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Hospitals seem to think cost-cutting is for everybody but them

In the worst economy in decades, as companies and families downsize and economize, one Maryland industry wants to keep doing business like it's 2007. And it wants you to foot the bill.

The Maryland Hospital Association disliked the raise it got this month from regulators. The figures are complex, but the upshot is that hospitals will collect, on average, 3.29 percent more per patient visit for the fiscal year ending in June 2011. Guaranteed.

Hospitals are "very disappointed," MHA chief Carmela Coyle said in a canned statement. They're also "concerned," she said. Maryland "was not well-served."

Maryland's very economy seems to be at stake.

"I'm not threatening anybody about layoffs, but I'm just telling you that that rate decision has got a lot of hospital people right now going back at their budgets looking at 'How can I make this work?' " Robert A. Chrencik, chief executive of the University of Maryland Medical System, told a few Baltimore Sun editors and reporters last week. "It's a real problem in a year when you've got 7-plus percent unemployment in this state."

Ladies and gents, see the Eighth Wonder of the World: An industry that wants immunity from cost-cutting.

The miserable economy puts pressure on everybody's ability to pay for everything, including health care. But medicine, the business that's eating larger and larger pieces of the American economy, doesn't want to slow down for somebody else's recession.

Costs for nurses and managers are going up, hospitals complain. Energy and malpractice insurance are more expensive. What can they possibly do?

"There are now two years in a row where we are actually losing money on the patients we treat," Coyle said in an interview. "We are being paid less than the cost of care."

Hmm, doesn't Maryland have several respected business schools? Maybe they know what to do when expenses grow faster than sales. Or check with almost any company.

Maryland retailers have suffered year-over-year sales declines of 4 percent or more, according to tax records, but I haven't heard them asking for a bailout from regulators. The average price of a Maryland new car is up only 1.5 percent so far this year, but somehow most dealers are adjusting, staying in business and making money.

But hospitals aren't Walmart or a Chevrolet dealer, Coyle objects. They save lives. They can't slash payrolls or furlough people without threatening the quality of care. They have to stay open in snowstorms even when revenue doesn't come in.

"We don't have the flexibility that other sectors of the economy may have," she said.

Maybe not, but they're more flexible than they pretend.

Hospitals have been largely absent from the efficiency revolution driving the U.S. economy. They're late to electronic records. They're behind on using computers to manage equipment and supplies. They have too many managers. Their marketing and "physician support" budgets are too big.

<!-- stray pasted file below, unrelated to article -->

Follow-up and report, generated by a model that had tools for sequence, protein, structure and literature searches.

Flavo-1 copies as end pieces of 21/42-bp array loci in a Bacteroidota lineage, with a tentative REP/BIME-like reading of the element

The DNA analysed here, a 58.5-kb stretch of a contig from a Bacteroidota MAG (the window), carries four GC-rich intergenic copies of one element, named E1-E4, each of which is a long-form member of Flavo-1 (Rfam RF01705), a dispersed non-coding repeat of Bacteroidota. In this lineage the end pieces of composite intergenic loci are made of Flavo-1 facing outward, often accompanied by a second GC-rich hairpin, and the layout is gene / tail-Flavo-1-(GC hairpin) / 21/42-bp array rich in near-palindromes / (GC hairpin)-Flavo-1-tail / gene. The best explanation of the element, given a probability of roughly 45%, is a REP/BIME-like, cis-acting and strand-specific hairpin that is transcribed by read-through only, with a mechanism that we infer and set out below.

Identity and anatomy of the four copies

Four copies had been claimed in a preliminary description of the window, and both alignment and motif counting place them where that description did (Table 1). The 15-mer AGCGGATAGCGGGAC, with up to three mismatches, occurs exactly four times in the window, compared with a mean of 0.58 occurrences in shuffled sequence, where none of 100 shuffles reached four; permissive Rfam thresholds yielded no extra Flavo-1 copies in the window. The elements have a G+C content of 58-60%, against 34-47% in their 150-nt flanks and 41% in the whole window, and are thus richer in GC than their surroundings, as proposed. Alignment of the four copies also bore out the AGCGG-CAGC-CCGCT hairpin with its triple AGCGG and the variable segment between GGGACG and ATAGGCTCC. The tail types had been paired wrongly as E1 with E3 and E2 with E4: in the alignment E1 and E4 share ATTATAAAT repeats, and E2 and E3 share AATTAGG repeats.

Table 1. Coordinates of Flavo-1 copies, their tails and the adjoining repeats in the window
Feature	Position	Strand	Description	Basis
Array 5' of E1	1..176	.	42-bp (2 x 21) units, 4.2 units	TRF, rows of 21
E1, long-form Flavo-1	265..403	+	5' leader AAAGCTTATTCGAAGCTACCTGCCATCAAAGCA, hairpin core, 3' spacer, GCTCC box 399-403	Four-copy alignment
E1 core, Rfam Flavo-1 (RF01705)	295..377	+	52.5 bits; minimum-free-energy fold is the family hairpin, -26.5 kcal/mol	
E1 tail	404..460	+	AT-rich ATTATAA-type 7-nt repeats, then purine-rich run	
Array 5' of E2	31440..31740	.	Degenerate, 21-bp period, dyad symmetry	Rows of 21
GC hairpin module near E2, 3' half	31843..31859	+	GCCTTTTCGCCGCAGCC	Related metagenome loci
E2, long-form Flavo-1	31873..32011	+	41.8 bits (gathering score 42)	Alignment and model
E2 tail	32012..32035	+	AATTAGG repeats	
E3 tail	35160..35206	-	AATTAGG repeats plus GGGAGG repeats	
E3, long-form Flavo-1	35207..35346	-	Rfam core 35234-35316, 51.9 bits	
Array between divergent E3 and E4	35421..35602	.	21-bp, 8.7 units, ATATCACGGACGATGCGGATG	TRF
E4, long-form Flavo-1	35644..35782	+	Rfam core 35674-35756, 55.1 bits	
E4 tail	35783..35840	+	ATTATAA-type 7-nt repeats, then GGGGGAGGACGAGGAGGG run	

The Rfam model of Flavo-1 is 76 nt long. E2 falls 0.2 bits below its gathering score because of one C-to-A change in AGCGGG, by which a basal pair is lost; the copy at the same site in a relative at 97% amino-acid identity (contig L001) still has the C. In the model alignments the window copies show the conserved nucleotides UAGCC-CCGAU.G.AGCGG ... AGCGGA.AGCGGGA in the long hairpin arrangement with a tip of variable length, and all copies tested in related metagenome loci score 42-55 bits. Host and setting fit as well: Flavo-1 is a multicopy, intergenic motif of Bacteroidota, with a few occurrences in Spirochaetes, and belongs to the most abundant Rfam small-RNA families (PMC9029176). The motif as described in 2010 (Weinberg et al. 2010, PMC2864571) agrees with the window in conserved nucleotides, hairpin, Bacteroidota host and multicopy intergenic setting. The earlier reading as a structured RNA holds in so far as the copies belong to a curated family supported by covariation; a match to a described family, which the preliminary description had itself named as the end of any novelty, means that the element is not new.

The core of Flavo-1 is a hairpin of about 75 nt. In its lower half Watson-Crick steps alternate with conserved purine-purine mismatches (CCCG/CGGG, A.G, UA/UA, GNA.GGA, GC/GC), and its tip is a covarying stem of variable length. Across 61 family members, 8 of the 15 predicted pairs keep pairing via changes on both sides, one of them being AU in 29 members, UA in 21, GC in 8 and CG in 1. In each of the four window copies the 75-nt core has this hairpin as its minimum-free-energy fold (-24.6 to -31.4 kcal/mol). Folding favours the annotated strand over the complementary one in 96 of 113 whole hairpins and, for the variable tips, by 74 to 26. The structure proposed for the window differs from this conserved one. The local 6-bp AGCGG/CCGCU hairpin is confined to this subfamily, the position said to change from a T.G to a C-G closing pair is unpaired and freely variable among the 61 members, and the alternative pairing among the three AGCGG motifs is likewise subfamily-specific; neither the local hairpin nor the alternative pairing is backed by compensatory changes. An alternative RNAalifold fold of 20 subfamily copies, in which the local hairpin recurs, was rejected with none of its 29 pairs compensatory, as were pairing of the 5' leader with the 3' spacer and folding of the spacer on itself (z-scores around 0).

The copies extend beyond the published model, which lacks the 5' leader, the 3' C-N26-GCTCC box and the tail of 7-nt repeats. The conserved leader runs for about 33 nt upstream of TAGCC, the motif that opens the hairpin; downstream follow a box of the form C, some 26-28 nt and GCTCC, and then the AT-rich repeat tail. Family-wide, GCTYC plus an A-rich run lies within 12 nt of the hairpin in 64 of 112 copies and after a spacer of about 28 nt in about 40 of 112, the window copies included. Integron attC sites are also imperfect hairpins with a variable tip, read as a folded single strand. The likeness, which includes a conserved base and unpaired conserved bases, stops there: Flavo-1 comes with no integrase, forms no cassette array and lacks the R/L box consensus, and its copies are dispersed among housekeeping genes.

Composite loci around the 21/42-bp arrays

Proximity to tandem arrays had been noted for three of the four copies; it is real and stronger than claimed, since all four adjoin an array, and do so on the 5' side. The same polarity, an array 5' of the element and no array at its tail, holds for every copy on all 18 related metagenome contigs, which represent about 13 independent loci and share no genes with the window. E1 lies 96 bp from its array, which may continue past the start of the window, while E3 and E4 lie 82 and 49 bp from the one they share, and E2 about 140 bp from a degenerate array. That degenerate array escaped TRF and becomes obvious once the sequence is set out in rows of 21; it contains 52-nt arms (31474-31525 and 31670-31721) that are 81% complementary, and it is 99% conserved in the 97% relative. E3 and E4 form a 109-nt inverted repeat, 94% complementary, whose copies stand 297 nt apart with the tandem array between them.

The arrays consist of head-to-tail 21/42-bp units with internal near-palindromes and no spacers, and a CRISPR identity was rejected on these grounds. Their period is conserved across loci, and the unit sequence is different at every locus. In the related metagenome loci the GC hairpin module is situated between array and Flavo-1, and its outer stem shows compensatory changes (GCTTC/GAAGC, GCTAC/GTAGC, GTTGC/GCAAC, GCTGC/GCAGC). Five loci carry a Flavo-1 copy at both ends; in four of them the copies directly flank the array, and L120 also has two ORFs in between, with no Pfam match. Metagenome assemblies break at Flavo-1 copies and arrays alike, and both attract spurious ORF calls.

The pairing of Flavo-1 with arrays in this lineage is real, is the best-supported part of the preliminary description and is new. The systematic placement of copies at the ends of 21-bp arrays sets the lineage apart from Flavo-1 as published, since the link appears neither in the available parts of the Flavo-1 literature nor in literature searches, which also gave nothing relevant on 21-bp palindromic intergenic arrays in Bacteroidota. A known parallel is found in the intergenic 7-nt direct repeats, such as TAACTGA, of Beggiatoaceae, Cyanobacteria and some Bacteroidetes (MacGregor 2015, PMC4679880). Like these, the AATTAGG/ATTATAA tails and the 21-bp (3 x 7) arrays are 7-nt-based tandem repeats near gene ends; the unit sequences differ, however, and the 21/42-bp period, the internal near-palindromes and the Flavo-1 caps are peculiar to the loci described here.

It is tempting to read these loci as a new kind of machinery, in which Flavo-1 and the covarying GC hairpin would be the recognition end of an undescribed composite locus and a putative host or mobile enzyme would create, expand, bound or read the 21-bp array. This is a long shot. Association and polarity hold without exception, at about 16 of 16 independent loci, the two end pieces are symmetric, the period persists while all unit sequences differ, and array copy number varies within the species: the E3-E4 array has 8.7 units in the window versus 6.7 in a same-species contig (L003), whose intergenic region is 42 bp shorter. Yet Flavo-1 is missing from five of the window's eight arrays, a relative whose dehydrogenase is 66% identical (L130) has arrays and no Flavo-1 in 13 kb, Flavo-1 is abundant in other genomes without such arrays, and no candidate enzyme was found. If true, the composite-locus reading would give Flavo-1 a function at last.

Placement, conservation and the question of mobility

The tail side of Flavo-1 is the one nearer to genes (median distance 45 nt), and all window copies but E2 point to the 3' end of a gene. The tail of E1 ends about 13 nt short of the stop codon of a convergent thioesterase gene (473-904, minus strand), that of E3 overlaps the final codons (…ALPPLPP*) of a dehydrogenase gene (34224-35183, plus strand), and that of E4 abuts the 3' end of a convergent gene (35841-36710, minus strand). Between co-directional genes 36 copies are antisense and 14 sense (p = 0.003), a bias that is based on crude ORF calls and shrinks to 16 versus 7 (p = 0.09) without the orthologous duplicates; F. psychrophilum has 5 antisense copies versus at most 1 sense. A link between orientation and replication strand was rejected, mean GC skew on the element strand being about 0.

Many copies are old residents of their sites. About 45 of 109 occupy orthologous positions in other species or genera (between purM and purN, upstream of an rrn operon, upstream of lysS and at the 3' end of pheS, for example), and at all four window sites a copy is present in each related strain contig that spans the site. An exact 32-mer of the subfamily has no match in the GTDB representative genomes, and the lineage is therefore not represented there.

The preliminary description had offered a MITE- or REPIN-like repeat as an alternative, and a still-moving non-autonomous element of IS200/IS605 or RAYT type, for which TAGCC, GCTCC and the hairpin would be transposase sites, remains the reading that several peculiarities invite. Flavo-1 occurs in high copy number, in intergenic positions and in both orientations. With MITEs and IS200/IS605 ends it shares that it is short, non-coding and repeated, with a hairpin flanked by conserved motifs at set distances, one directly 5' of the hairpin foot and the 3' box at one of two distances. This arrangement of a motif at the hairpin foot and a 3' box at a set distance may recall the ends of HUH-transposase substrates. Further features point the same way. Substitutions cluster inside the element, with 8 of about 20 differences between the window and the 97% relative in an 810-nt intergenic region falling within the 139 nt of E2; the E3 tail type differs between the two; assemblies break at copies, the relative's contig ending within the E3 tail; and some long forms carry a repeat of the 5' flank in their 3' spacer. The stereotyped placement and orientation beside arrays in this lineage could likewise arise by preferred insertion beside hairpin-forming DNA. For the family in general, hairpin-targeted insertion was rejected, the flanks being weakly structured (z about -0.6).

And in Maryland, hospital productivity has been eroding compared with that of hospitals nationwide, according to figures from the American Hospital Association.

Which shouldn't be much of a surprise. Virtually all Maryland hospitals are not-for-profit, which means there are no shareholders pressing for cost control. Maryland's unique agency, the Health Services Cost Review Commission, raises hospital prices every year. A growing and aging population means Maryland hospitals also keep doing more procedures, which increases revenue even more.

Hospitals use the growing money pile to hire people and build fancy wings, which raises costs and shrinks operating margins, giving them a great excuse to lobby for even more price increases.

Which are passed on to you.

Even if you never get sick, you're paying for Maryland's hospital and health care inflation. Through expensive insurance, of course. But also through taxes for the out-of-control Medicare and Medicaid programs. Blame your crummy raise on medical costs, too. Employers keep diverting money from wages and salaries to pay their share of soaring health bills.

Hospitals blame medical inflation on insurers such as CareFirst BlueCross BlueShield, not themselves. This is like blaming gas stations for the wholesale price of petroleum.

Hospitals point out that they don't get to keep all of the 3.29 percent rate increase approved by the cost-review commission, which is small consolation to the people who have to pay it. Part is passed directly to Medicaid, and hospitals must pay an additional piece to Medicaid to cover a shortfall from the state. Hospitals say they're really getting only a 2 percent raise. They had requested 2.97 percent but reduced that to 2.44 percent after negotiating with insurers.

But when you combine the increased price per patient in the package approved by the cost commission with an expected increase in the number of patients, Maryland hospitals are looking at a 4.4 percent revenue increase at a time when the Consumer Price Index this year is negative.

Arguing over percentage points, however, is to obscure the larger issue: Hospitals are fiercely objecting to a modest effort to contain the medical costs that threaten private and public budgets. If they really cared about the Maryland economy, they would deliver cheaper, better care, and leave struggling companies more dollars to hire the unemployed.

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